Newcastle University invited growers, bread makers and millers to hear more about the EU-funded project, Healthy Minor Cereals, which is drawing on expertise from across the UK and Europe. Abby Kellett reports.
The project aims to improve genetic resources, increase productivity and resilience against pests and diseases of three minor crops: oats, spelt and rye, while producing crops which are healthier and more nutritious for human consumption.
Speaking at the event, Dr Paul Bilsborrow, head of the research project, said: “If we can identify superior genotypes in terms of yield, disease resistance and nutritional quality, breeding companies will take this on board and start a series of crossing programmes to produce a number of elite varieties.”
Over the last 100 years of intensive breeding across Europe, wheat yields have steadily climbed. In the UK we are achieving an average of eight tonnes per hectare (3.24t/acre). However, nutritional losses have been a consequence of increased production.
“While high cereal yields have benefited the farmer, it has come at a cost and this has been a much diluted range of nutrients and other beneficial aspects to human health,” said Dr Bilsborrow.
In comparison, research has highlighted a far higher concentration of nutrients and beneficial compounds in minor crops, such as oats, spelt and rye.
For example, oats have a high fibre and antioxidant profile. US research has shown oats can have significant benefits in reducing cholesterol, aiding its potential as a healthy food snack.
Similarly, spelt contains high amounts of zinc and iron, both essential nutrients which are becoming deficient in our diets because we are consuming too much wheat, which is typically low in these elements.
Given their high nutritive status, minor crops are valued highly by both producers and consumers of organic foods, and increasingly also by conventional farmers.
Dr Bilsborrow said: “There is a range of nutritional benefits associated with oats, spelt and rye. By screening a large number of genetic materials, we may find varieties which give us even higher nutritional benefits and cross them into new backgrounds which have a high yield so we can benefit the farmer as well as the consumer.”
See also: Oats research targets human consumption
In comparison to conventional wheat, minor cereals typically grow well in poor soils and under low input conditions.
“In the UK, there is a small area of rye grown mostly in East Anglia on brash soils. Where rye conventionally would produce 9-9.5t/ha, wheat would only produce 6-6.5t/ha on the same land.”
Therefore, growing these types of crops on less productive land could be a viable option, particularly if higher yielding varieties can be cross-bred with those of high nutritional value. Ultimately, minor cereal varieties have to be practical and profitable in order to encourage farmers to grow them, as opposed to conventional cereals.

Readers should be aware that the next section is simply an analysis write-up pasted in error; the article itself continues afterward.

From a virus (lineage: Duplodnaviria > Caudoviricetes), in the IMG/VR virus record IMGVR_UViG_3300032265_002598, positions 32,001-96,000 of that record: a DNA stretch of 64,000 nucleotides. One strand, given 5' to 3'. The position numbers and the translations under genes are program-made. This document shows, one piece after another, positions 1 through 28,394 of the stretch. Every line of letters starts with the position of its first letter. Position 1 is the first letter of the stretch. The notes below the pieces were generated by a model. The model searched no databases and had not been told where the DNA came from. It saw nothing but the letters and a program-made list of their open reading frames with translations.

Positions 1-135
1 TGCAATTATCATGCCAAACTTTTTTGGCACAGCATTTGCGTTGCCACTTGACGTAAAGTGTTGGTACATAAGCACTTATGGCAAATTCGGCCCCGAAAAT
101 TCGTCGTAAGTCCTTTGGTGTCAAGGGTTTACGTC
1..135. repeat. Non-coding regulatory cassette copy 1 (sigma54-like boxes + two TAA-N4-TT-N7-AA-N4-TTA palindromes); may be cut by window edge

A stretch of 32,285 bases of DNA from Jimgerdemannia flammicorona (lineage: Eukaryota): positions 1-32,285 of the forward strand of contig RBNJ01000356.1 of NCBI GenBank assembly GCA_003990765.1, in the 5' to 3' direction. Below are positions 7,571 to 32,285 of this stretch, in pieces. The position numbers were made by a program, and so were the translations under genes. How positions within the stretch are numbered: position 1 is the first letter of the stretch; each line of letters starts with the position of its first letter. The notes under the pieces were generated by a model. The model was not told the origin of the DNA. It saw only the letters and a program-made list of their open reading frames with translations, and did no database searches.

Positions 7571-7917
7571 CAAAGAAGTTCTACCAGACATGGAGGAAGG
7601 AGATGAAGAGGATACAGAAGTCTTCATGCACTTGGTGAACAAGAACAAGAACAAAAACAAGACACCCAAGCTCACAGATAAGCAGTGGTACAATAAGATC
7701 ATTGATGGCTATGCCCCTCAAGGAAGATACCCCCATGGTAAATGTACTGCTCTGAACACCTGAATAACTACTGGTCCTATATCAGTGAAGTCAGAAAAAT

“If we can bring some of those minor cereals – which are lower input, better for the environment and better for nutritional health – back into a rotation, then we can tell the consumer about the benefit of these grains and educate the farmer about potentially growing them,” said Dr Bilsborrow.
The first year of trials on a number of spelt and rye varieties has revealed some unexpected results.
In an assessment of the effect of different nitrogen sources on the yield of spelt varieties, biogas digestate (3.4 per cent nitrogen) outperformed mineral nitrogen, composted farm yard manure and cattle slurry. Crops treated with biogas digestate were also taller than those which were treat with other forms of nitrogen and plants contained higher levels of protein.
When comparing a range of nitrogen sources on rye, biogas digestate and mineral fertilisers gave an average yield improvement of 2t/ha (0.8t/acre), compared to cattle slurry and composted farmyard manure.
Dr Bilsborrow said: “We know we have a problem using farmyard manure in winter cereals because we do not get a supply of nitrogen in the spring and summer, when it is needed.”
Disease tolerance among different varieties and nitrogen inputs were also tested. The only notable disease incidence within the spelt trial plots was septoria. Where mineral nitrogen was applied, yellow rust severity was higher.
However, nitrogen source had a much bigger impact on disease incidence in rye. While it did not affect yellow rust, powdery mildew severity was much reduced where cattle slurry or compost fertiliser were applied.
Some European countries were moving away from traditional rye and spelt varieties by crossing them with wheat in order to boost yields, which has a negative impact on nutritional quality. In trials, spelt-wheat cross Filderstolz yielded the least.
Dr Bilsborrow said: “I did not expect Filderstolz to perform the best as it is a shorter variety, plus it has got the background of a high yielding wheat and yet still produced the lowest yield in UK trials.”
However, although more modern varieties yielded better, they were more affected by disease and so more work was still required in order to achieve a good balance between yield and quality.
Initial trial results have been thought-provoking and the project will gather further data in the coming years to increase the viability of growing cereal crops, particularly within organic systems.
Dr Bilsborrow said: “In our second year of trials, we are looking to compare min-till to a plough-based approach which should reveal big differences in terms of weed control. On top of this, we are superimposing a conventional-based herbicide programme versus organic mechanical weed control.
“There used to be a lot of work on varietal mixtures as a way of combating disease. For example, three or four varieties could be grown in a field in order to combat yellow rust. This a strategy we could go down with an organic production system.”